Instead of ‘The Benedict Option’, Consider ‘The Marian Option’

[Note: The views of this column do not necessarily reflect those of Clash Daily.]

by Jennifer Roback Morse
Clash Daily Contributor

The Benedict Option has taken up a lot of bandwidth in cultural conservative circles, more than it deserves, frankly. A much better book has come out: The Marian Option by philosophy Ph.D. and homeschooling mother of four, Dr. Carrie Gress.

Before I tell you about the book, let me tell you a joke related Dr. Gress relates. You may have already heard this joke. Bear with me.

A man whose house is flooding is confident that God will save him. As the water rises, a farmer in a truck comes by to offer him a ride. “Oh, no, the Lord will save me!” Next, as the water rises to the first floor of his home, a rescuer in a boat comes by. “Oh, no, the Lord will save me!” he says, again refusing help. Finally, perched on his roof because the water has nearly covered his entire home, a helicopter comes by to pluck him off the shingles. “Oh, no, the Lord will save me!” The man is washed away and drowns. At his arrival at the pearly gates, the man says to God, “Why didn’t you save me?” God says, “I tried. I sent a truck, a boat and a helicopter”.

I’ll come back to this joke.

The subtitle of the book encapsulates Dr. Gress’s theme: God’s Solution to a Civilization in Crisis. Throughout history, Mary has come through during multiple confrontations with Islam. The Christian West won the Battle of Lepanto in 1571, while the entire city of Rome prayed the Rosary. Polish King Jan Sobieski defeated the Turks on September 11, 1683, after asking Our Lady of Czestochowa to intercede with her Divine Son. Coincidence? Maybe. Maybe not.

Then there is the most famous apparition of the twentieth century, Our Lady’s visit to three shepherd children in Fatima, Portugal. She made geo-political predictions the illiterate children simply could not have invented. No less an intellectual than Pope St. John Paul II credited Our Lady of Fatima for her aid in the collapse of communism.

You may think these are all overwrought ravings of hysterical simpletons. You should know that getting Church approval for an apparition is quite rigorous. Hundreds of alleged apparitions have NOT been approved as being of supernatural origin, or worthy of belief.

I recommend Carrie Gress’s book, The Marian Option, if you are looking for simple ways to fight the spiritual battles of our time. Rod Dreher’s Benedict Option is not as useful, principally because people can’t figure out what the heck he is talking about. The Marian Option has no such problem. Anyone can carry out the simple acts of devotion Dr. Gress suggests. Even children. In fact, perhaps, especially children.

I am well aware this is not a Catholic publication. And I am certainly aware that many non-Catholic Christians are fearful about “Mary worship.” When the Gospel of John refers to “the disciple whom Jesus loved,” we might assume he is talking only about himself. But Jesus loves each of us, doesn’t He? So, we can put ourselves into that slot: when John says, “the disciple whom Jesus loved,” we can see ourselves. On that perfectly innocent reading, Jesus meant for His mother to be the mother of us all, the entire human race, when He said, “Behold your mother.” (John 19:26-27)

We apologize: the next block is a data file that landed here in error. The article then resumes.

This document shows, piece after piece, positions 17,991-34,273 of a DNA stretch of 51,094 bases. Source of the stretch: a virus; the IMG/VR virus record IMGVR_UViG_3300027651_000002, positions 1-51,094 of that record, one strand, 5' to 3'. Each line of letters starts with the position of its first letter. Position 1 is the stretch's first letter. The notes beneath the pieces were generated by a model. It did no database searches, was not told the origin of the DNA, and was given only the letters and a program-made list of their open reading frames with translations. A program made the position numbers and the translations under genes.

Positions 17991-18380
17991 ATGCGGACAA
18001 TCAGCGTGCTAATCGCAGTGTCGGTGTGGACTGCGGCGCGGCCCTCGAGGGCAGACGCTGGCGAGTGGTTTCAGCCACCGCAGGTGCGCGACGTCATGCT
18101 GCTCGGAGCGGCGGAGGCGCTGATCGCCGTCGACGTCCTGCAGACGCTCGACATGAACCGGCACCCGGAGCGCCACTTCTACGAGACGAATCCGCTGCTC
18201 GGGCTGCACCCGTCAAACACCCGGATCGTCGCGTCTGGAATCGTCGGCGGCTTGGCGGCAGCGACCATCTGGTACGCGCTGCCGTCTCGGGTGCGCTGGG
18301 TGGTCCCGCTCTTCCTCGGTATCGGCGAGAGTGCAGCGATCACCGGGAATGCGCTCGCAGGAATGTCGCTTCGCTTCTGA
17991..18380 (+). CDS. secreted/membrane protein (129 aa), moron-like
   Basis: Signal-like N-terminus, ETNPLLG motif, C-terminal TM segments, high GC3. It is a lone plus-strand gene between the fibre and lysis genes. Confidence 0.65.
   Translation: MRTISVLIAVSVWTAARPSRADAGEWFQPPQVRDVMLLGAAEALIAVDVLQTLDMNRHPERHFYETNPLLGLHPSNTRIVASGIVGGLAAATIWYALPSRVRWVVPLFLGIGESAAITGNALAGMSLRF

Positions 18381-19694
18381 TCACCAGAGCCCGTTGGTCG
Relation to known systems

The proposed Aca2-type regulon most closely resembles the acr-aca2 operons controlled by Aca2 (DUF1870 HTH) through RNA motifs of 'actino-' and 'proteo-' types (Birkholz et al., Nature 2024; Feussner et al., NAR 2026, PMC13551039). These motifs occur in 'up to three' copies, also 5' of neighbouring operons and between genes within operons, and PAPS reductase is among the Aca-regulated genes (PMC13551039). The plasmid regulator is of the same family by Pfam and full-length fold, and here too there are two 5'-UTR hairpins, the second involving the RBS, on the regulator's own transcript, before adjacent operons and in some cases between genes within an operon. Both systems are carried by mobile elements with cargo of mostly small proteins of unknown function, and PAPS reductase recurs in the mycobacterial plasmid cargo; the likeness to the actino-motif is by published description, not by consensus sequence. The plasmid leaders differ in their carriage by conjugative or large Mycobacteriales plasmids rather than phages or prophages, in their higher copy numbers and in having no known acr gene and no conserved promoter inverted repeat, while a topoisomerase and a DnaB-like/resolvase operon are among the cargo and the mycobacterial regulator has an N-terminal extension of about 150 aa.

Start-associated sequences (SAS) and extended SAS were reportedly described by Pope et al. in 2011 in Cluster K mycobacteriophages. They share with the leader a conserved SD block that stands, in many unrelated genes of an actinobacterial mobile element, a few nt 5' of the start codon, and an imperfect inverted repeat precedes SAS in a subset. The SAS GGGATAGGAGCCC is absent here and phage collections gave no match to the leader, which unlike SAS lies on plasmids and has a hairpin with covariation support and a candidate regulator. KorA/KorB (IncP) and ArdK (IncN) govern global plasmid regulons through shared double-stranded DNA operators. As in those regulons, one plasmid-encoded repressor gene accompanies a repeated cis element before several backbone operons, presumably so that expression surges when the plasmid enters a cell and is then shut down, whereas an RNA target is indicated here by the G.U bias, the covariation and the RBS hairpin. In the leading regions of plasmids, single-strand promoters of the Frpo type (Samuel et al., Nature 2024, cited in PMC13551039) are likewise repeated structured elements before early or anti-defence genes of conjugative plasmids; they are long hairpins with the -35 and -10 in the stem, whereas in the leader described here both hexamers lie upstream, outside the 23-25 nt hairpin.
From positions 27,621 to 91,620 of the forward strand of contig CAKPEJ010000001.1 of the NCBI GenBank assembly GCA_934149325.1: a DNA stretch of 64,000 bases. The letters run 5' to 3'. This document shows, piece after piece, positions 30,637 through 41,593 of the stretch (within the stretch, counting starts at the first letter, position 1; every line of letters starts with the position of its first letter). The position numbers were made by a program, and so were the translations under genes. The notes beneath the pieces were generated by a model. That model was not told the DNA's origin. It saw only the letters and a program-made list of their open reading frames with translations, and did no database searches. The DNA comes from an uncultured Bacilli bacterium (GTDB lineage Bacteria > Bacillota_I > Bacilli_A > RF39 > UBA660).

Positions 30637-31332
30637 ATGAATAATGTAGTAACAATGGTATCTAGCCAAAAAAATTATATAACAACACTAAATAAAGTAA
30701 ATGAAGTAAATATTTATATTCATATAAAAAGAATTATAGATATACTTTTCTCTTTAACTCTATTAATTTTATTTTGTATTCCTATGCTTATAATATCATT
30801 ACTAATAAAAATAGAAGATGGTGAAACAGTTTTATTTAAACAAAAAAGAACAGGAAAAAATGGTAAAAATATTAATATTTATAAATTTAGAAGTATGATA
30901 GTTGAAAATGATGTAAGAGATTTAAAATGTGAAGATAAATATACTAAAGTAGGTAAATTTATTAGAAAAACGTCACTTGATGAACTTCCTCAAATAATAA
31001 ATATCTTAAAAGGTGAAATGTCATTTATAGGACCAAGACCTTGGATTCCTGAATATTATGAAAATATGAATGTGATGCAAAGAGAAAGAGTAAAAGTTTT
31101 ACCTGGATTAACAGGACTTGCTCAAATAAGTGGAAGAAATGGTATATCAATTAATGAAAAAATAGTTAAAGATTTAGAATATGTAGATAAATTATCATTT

Catholics don’t worship Mary. We never did. No offense, but that is so five hundred years ago. We’ve got other things to worry about. Like the complete de-Christianization of the West.

If you’re a lapsed Catholic, you already know how to talk with the Mother of God. I’ve never heard of anyone who left the Catholic Church over Mary. People leave because they are mad at God, or at a priest, or because they are fed up with the hypocrisy and lukewarm-ness. But I have never heard anyone say they were angry at Mary. In fact, I’ve heard people say that Marian devotions are one of the things they miss about being Catholic. I felt that way when I was away from the Church for twelve years.

Back to the joke I opened with. I can imagine Jesus saying to us:

“I sent my mom to Portugal in 1917. I sent her to Belgium in 1932 and again in 1933. I sent my mom to the Netherlands. (1945) She went to Japan in 1973 and Venezuela in 1976. I sent my mom to Nicaragua in 1980 and to Rwanda in 1981. I sent her to Argentina in 1983, and to Brazil in 1994 and to Egypt 6 times between 1968 to 2009. Her message has always been the same: love God. Do penance for your sins and those of others. Say the Rosary, meditating on her life and Mine. These are simple things anyone can do. Get a clue, people.”

I’m pleading with you, whatever your Christian background may be. Forget The Benedict Option. Pick up The Marian Option. Consider talking with the Mother of God. Talking with her does not equal worshiping her. Trust me: she will lead you closer to her Divine Son. I mean, why would she want to do anything other than that?

Who knows: her intercession may just bail us out one more time.

Image: Square to the Basilica of Fatima; Excerpted from: Neokvp – Own work, Public Domain, https://commons.wikimedia.org/w/index.php?curid=10259604

Jennifer Roback Morse, Ph.D. is the Founder and President of the Ruth Institute. Connect with her on Facebook.

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